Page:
Saturday, February 12, 2011

Remembering Days Past-- February 11, 2003

Actually I should have posted this one yesterday. However, yesterday was so busy I did not have the opportunity.

February 11, 2003 was the day the doctor told me I was pregnant. It was a true surprise. I had been told I was not going to be able to get pregnant. I wanted children, but had come to peace with the fact that I was not going to have children. So, I had chosen a demanding career to invest that nurturing part of me into. So now to my total surprise here I was going to have a baby. This story does not have a happy ending though. Three days later I realized something was wrong. Then I was on and off of bed rest. The prognosis went from "We think you are going to lose this pregnancy" to "We think you are going to carry this pregnancy to term", then back to "We think you are going lose this pregnancy." It was an emotional roller coaster and the fact that the doctor's office staff kept referring to this child as a pregnancy only made it worse. I am prolife so to me that means this is a baby at the moment of conception-- not just a ball of cells as the doctor referred to this child.

Then on February 27th I lost the baby. I know a lot of women experience feelings of guilt when they have a miscarriage. This was not my experience-- I never felt like it was my fault. I did however feel angry and cheated. See I thought this was my one and only chance to have a baby and it was now gone. I was ticked at God over the matter. In my mind I was thinking things that in my mind were hypocritical. I wanted to know why God would do this to me. I had accepted the fact that I was not going to have children (even though I wanted children more than I wanted air to breathe) and so He allows me to get pregnant then takes the baby. How could God dangle a carrot in front of me like a Greyhound dog in a race? How could God tease me in such a cruel way? These were not the most theologically correct thoughts, but that was how I was feeling. Then to make matters worse I had 8 pregnant clients-- 7 of which got to have their babies and they did drugs in thier pregnancies. Why did they get to have their babies and I didn't? I had many why questions. I knew I was not going to get answers to them this side of heaven, but they were there. Then there were the empty arms to deal with. This was complicated by the fact that my husband's grand mal seizures had only returned the month before and that his seizures were escalating at that time and we had a huge financial blow at the same time.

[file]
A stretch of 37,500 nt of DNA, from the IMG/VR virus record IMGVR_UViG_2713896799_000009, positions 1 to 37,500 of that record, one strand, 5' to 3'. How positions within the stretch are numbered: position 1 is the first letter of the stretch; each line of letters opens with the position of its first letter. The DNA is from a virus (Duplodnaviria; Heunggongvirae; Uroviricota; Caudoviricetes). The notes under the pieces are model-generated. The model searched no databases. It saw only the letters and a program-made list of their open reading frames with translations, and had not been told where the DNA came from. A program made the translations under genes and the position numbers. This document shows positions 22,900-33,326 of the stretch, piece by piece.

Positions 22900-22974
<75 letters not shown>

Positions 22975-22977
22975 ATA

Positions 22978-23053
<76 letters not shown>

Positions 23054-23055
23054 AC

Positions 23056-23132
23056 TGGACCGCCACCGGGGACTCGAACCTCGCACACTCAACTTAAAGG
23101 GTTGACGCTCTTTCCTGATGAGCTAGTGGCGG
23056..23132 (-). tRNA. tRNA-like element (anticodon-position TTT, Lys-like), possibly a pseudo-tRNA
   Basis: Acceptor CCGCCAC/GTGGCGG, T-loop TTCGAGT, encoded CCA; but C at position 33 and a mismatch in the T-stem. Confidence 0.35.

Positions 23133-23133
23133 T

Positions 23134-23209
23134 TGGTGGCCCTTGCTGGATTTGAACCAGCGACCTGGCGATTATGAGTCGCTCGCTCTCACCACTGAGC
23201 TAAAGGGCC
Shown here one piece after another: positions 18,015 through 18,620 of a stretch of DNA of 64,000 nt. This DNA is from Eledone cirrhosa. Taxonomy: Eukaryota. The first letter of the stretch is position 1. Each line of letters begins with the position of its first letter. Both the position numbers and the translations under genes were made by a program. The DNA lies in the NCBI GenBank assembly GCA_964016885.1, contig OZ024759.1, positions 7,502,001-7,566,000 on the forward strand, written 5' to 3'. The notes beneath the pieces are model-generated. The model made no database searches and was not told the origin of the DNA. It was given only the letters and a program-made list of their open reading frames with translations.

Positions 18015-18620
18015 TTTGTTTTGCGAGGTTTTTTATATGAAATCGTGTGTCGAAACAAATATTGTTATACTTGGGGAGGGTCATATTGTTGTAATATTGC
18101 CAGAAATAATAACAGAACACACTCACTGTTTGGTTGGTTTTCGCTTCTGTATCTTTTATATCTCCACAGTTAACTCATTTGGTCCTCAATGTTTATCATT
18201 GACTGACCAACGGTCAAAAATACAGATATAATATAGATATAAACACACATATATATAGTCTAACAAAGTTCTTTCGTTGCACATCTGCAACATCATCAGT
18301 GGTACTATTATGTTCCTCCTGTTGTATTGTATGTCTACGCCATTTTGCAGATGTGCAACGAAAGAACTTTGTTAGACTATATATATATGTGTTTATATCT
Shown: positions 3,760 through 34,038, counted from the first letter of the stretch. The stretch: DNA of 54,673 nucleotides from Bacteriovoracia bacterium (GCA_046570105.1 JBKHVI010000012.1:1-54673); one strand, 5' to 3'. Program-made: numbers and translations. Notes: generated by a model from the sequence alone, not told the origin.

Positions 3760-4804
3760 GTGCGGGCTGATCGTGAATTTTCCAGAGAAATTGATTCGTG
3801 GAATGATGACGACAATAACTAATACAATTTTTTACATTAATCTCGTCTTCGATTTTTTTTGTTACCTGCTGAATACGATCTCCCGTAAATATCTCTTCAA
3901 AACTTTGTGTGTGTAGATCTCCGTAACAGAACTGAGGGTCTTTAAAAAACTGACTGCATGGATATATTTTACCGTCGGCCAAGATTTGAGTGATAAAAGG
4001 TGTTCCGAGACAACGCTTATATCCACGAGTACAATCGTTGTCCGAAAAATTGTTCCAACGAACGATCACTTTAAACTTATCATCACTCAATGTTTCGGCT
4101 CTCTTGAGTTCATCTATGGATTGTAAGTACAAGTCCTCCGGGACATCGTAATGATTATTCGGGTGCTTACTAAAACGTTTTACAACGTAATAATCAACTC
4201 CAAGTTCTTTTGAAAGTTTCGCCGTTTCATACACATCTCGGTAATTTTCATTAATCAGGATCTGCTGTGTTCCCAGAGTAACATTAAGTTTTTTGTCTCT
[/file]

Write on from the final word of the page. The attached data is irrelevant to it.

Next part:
I was so blinded by the pain. The pain does not completely leave-- there just comes an acceptance and over time moving on becomes easier. Since I can't see the future I did not know that I would have children. God knows our future and he knows best. That fact does not diminish the pain. Through losing this baby (whom we named Robin Lee) and then going on to have two children after being told that I could not have children has helped me come to learn that I can trust in the fact that God knows the beginning from the end of all matters. He can be trusted.